Our simulation and analysis domain is very much correlated with mathematical problem formulations and numerical methods. Non-linear programming is used by the aerospace industry since decades. However, many problems require advanced mathematical solutions. Here engineers gain from the support of applied mathematicians with a fundamental technical background. Since several years Astos Solutions has a fruitful cooperation Prof. Bueskens from the University of Bremen and Matthias Gerdts (university of the Bundeswehr, Munich). Due to our working field it is important for us to cultivate such contacts to the mathematical community. The SADCO project is the ideal platform to do this and to get also new contacts and potential partners for industrial and ESA projects. SADCO is also an opportunity to give young mathematical experts an understanding of typical engineering problems. Problems that are sometimes different from typical problems of mathematicians.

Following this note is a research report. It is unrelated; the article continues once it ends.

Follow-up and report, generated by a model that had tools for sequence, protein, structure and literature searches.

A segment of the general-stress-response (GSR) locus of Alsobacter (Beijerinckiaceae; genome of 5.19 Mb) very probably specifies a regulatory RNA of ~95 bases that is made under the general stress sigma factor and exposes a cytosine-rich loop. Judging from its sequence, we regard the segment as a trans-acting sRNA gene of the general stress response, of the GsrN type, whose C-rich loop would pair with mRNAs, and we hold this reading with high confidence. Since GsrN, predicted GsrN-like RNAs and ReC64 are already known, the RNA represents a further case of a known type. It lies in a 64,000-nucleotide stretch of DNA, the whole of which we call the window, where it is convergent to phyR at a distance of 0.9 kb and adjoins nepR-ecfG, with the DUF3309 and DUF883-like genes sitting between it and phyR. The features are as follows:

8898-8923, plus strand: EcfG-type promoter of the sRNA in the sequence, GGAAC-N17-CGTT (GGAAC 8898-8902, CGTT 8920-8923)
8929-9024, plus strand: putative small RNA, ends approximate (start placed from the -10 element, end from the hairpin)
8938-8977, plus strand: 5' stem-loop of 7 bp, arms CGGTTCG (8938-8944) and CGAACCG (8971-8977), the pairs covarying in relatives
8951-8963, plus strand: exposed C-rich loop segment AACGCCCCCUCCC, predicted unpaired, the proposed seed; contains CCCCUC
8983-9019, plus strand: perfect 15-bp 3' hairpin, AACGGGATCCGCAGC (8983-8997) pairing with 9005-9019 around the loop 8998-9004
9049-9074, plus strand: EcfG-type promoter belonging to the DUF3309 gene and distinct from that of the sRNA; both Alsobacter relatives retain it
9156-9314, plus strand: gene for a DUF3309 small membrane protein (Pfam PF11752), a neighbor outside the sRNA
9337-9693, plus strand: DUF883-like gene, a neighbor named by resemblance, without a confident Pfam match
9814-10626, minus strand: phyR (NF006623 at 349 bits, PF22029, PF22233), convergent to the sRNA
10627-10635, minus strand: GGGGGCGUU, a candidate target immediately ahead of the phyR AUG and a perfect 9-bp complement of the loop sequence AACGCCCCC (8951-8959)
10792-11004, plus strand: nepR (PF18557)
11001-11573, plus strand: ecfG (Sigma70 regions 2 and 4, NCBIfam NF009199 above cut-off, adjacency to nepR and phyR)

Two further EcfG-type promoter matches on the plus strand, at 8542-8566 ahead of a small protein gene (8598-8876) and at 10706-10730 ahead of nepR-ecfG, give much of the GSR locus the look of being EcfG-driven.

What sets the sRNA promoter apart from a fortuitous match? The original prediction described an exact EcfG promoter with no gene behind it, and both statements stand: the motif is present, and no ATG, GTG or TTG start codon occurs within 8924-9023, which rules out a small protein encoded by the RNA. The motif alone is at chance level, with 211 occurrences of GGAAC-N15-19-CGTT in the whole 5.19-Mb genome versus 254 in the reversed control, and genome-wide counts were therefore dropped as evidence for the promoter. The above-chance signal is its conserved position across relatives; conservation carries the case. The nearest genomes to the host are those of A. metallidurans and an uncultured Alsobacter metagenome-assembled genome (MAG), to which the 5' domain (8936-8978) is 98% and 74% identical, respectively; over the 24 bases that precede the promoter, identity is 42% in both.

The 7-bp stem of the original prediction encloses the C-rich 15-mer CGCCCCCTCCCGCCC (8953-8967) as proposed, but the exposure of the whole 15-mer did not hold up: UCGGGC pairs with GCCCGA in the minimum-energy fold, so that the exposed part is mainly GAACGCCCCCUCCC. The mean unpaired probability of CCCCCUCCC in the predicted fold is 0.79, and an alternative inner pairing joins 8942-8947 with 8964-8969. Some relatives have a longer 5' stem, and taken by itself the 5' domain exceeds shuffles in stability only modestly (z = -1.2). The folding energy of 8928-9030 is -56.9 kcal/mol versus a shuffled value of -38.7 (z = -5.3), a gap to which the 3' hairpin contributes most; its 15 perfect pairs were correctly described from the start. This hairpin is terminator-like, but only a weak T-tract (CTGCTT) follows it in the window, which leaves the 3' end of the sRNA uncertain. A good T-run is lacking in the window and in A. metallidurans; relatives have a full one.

Therefore we see SADCO also as a platform that allows us to influence the education of young professionals.
These articles could interest you:
- 11 partners: 8 research institutions and universities and 3 industrial partners
- 6 countries are represented: Belgium, France, Germany, Italy, Portugal and the United Kingdom.
- Name: Summer School and Workshop
- Dates: 5-9 September 2011
- Location: Imperial College, London
- For more information
Hasnaa Zidani , SADCO project coordinator